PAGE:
Ceasing the Contract
Termination for Delay
If time is not of the essence you can still sue if there is some sort of loss involved, but you cannot not terminate. A party wishing to terminate anyhow can do so by giving notice of their intention. If you give notice to the counter-party after an unreasonable delay, specifying reasonable time for completion, then time becomes of the essence. Failure to meet the notice period creates the right to terminate.
An example of termination after notice is found in Luarinda v Capalaba Park Shopping Centre. Laurinda, a commercial tenant, took occupancy in a shopping centre in Brisbane, but the centre management failed to register the lease. That meant there was nothing but an equitable lease. (Meaning they had rights from having paid, but not a full leasehold estate). The tenant eventually engaged solicitors who gave notice to complete the registration in 14 days. But registration would take longer than that.
The court ruled that there is a difference between a party intending to carry out a contract only ‘if and when it suits him,’ and a party being willing to carry out a contract ’as it suits him to do it and when its suits him to do it.’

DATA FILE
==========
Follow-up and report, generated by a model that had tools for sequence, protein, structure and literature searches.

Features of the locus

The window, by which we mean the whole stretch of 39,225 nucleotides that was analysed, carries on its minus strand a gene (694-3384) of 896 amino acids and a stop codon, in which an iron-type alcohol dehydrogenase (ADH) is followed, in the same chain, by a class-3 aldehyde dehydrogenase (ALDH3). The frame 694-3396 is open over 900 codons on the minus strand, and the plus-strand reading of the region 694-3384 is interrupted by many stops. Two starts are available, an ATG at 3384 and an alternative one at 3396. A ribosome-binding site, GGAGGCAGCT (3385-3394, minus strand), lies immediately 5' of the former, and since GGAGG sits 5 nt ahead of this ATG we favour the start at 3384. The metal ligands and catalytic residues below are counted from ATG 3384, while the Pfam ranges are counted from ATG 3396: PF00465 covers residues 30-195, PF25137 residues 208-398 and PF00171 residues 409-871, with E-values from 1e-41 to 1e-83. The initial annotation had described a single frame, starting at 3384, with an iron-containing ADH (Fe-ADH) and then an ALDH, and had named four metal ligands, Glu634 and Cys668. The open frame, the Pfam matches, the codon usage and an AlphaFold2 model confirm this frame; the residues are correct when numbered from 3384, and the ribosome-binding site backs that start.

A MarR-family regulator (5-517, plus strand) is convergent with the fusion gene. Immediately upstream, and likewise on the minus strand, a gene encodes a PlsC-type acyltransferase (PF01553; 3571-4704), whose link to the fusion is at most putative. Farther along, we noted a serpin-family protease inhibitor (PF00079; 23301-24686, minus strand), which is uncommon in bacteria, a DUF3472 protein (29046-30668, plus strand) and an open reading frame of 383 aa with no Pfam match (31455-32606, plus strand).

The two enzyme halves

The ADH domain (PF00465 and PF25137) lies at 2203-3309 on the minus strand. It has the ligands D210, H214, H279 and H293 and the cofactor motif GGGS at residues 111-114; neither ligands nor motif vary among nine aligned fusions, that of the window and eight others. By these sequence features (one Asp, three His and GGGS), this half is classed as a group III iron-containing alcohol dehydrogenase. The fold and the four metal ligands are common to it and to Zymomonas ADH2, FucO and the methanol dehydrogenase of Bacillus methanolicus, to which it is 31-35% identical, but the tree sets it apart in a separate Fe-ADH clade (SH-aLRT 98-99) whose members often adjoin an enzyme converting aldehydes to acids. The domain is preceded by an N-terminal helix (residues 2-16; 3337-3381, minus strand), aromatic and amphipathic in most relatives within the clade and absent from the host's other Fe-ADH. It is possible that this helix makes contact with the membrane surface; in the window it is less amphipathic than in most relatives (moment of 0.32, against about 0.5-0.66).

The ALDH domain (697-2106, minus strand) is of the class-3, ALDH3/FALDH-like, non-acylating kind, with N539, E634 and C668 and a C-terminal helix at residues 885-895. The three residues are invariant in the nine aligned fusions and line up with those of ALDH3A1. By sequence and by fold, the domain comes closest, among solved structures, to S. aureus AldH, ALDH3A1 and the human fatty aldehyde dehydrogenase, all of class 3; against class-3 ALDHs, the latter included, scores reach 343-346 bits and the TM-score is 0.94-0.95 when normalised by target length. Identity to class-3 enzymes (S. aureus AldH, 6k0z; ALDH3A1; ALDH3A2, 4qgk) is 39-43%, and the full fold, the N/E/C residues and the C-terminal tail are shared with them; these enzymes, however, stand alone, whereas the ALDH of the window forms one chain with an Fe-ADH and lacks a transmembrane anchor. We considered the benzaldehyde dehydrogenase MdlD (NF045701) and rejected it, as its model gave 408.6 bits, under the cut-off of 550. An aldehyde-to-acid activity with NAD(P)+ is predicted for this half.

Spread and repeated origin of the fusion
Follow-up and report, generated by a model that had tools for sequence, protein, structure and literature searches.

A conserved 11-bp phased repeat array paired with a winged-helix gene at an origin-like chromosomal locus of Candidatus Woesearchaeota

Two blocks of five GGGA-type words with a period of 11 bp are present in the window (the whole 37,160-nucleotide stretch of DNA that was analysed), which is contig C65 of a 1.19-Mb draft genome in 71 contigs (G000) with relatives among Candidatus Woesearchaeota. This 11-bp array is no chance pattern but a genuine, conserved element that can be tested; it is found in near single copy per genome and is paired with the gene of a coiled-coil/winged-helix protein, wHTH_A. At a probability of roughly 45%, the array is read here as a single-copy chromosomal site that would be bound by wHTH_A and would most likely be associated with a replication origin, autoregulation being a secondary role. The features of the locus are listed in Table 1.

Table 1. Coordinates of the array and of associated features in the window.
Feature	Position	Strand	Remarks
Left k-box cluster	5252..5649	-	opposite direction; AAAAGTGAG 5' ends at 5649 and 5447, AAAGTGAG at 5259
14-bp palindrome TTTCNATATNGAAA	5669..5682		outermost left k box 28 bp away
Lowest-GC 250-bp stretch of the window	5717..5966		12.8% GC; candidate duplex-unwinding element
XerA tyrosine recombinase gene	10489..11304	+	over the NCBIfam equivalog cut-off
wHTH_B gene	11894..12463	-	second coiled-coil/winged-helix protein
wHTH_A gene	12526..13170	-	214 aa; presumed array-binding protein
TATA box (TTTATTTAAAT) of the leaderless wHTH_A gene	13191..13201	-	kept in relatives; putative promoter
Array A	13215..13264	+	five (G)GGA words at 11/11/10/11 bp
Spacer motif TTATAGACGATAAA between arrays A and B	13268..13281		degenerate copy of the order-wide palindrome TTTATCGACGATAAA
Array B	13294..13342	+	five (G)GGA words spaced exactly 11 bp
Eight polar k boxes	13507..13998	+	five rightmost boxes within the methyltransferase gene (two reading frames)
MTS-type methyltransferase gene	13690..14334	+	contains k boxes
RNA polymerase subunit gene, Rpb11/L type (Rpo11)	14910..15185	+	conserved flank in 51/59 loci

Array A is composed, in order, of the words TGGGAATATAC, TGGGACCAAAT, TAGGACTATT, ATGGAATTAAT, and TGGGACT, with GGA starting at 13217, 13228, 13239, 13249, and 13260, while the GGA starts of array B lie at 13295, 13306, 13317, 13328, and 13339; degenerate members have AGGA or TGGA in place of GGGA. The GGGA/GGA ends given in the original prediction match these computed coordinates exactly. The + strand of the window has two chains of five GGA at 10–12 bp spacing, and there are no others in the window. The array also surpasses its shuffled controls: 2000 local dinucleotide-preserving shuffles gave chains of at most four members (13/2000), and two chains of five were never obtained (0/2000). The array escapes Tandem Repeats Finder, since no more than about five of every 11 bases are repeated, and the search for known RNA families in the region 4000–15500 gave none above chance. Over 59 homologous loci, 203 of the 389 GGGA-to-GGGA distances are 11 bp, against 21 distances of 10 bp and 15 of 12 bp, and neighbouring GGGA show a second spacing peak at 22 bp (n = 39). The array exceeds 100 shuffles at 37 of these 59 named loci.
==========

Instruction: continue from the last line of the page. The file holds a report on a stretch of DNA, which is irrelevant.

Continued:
In the former case it is easy to say there is no intention to be bound. But that is not so clear in the second as the party seems to be seeking flexibility with time.
Capalaba’s behaviour evinced an intention only to perform in a manner substantially inconsistent with its obligations. The delay was accompanied by an intention not to complete their obligations until it suited them to do that. This allowed Laurinda to treat them as having repudiated the contract.
The notice period given was unreasonable as it gave only 14 days for registration when more time than that was needed to complete a registration. But due to the great length of the total delay by Capalaba, the brevity of notice time did not matter. In all the circumstances the notice was valid.
 Luarinda Pty Limited v Capalaba Park Shopping Centre Pty Limited  166 CLR 623.